TIMNATH — The Timnath Town Council Tuesday approved on first reading an amendment to the existing Planned Development Overlay District for Connell LLC’s Ladera subdivision, despite opposition from Guide Our Growth, a nonprofit that advocates for “smart, sustainable growth within Timnath.”
The changes were approved on first reading by a 5-0 vote. A public hearing and second reading for the amendment is scheduled for Aug. 8.
The amendment alters several aspects of the land-use code for the Ladera project’s first phase, including:
- Removing a restriction for care facilities that care can take place only for less than 24 hours, allowing it for up to 14 consecutive days. The change would allow for different types of care facilities that might require overnight care of a patient.
- Increasing floor-area ratios for a proposed indoor storage facility and hotel.
- Increasing the height allowance from 40 feet to 65 feet for a potential hotel.
- Reducing the buffer standards for the intended storage lot.
- Modifying standards for tree replacement and preservation of trees.
The Timnath Planning Commission on July 18 recommended approval for the changes by a 5-0 vote.
In a July 11 letter to the Timnath Planning Commission, the Denver law firm of Ireland Stapleton Pryor & Pascoe PC, representing Guide Our Growth, voiced opposition to the changes.
“… the proposed Rezoning would allow for increased height and density beyond what is otherwise allowed in Timnath’s Regional Commercial zone district,” the letter states. “Connell also has not provided any justification for why the town should further relax its zoning requirements beyond what was just recently approved for this site when it was annexed into Timnath and initially zoned in October 2021. Finally, the proposed rezoning seeks to create lot-specific standards for lots that have not yet been approved and platted.”
Ladera, to be located near the southeast corner of Interstate 25 and East Harmony Road, south of Costco, would include 650,000 square feet of retail development, 110,000 square feet of office space, 800 attainable housing units and 50,000 square feet of mixed-use development.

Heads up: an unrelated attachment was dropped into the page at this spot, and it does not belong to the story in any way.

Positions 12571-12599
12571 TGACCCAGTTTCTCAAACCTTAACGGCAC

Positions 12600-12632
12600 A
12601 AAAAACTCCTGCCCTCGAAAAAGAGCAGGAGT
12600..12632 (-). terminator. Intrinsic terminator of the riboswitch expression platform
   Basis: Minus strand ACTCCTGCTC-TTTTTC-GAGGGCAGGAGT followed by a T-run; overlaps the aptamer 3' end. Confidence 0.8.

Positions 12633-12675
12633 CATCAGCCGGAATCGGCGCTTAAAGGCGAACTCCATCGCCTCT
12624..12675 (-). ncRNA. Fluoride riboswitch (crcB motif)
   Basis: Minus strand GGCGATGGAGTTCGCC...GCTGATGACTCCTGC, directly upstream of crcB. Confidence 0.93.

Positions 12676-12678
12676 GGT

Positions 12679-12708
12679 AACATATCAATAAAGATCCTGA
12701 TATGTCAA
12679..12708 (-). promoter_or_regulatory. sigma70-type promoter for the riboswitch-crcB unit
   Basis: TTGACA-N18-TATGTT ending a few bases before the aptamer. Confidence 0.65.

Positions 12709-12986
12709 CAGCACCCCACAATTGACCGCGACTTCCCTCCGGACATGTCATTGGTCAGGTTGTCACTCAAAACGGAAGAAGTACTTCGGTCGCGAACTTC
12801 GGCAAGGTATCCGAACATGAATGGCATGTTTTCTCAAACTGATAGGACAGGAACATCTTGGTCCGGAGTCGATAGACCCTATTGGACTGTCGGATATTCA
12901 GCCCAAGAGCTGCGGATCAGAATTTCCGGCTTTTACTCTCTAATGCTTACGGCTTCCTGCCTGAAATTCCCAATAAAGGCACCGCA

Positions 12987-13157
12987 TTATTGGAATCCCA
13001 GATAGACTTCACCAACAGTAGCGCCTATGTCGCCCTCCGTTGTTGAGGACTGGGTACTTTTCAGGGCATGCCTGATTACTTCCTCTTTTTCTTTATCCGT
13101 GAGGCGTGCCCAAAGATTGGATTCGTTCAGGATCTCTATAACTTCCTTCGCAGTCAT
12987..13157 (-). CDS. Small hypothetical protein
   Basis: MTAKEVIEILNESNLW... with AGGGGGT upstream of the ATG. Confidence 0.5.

Ladera’s developers, Connell LLC, originally planned to include a Topgolf entertainment facility as part of the project, but voters in June passed a ballot measure to the town’s home-rule charter to prohibit permanent fences and netting taller than 65 feet.
Topgolf’s site plan sought a height variance from the town’s 57.5-foot structure-height limits. The concept sketch showed plans for a roughly 38,000-square-foot facility on nearly 12 acres including a 40-foot-high building and netting poles 156 feet high.
Timnath Parkway contract delayed
In other action Tuesday, the Town Council tabled until the Aug. 8 meeting consideration of a measure to approve the construction phase of the Timnath Parkway improvements project. The measure was presented as having a $7.7 million budget, but Town Council members were informed that it was actually in excess of $10 million.
Town staff had recommended awarding the contract to Connell Resources LLC, which submitted a response to a request for proposals of $6.87 million for its portion of the overall budget.
But council members asked for a more-detailed presentation on the overall project and expressed concern that the ratings for the bids were not provided in the packet, and also noted that other bids were not included in the packet.
Timnath payments to TST draw concern
Timnath resident Brian Kurth rose during the public-comment period to express dissatisfaction with Timnath’s continuing no-bid relationship with TST Inc. Consulting Engineers of Fort Collins, which has contracted with the town since 2010, securing more than $17 million for planning and public-works functions, with none of the contracts going out for bid.
The TST contracts have never gone through a public bidding process, with no requests for proposals being issued.
“Since 2011, TST has billed the town of Timnath more than $17 million without a fair and transparent competitive bidding process,” Kurth said, “And already this year, TST has billed the town of Timnath nearly $1 million.”
“Now here’s where it gets really interesting,” he added. “The town’s staff who routinely recommended referral business to TST are in fact, TST employees themselves. That’s right. Timnath’s director of public works, director of community development and until recently, senior planner, are all TST employees working under contract with the town of Timnath and while acting in their capacity as town employees, they have a clear and present conflict of interest when recommending who is awarded contracts with this town.”
Kurth urged the council to vote no on Resolution 46, the Timnath Parkway resolution, in part because it also included $363,000 to TST for construction administration and observation of the Timnath Parkway project.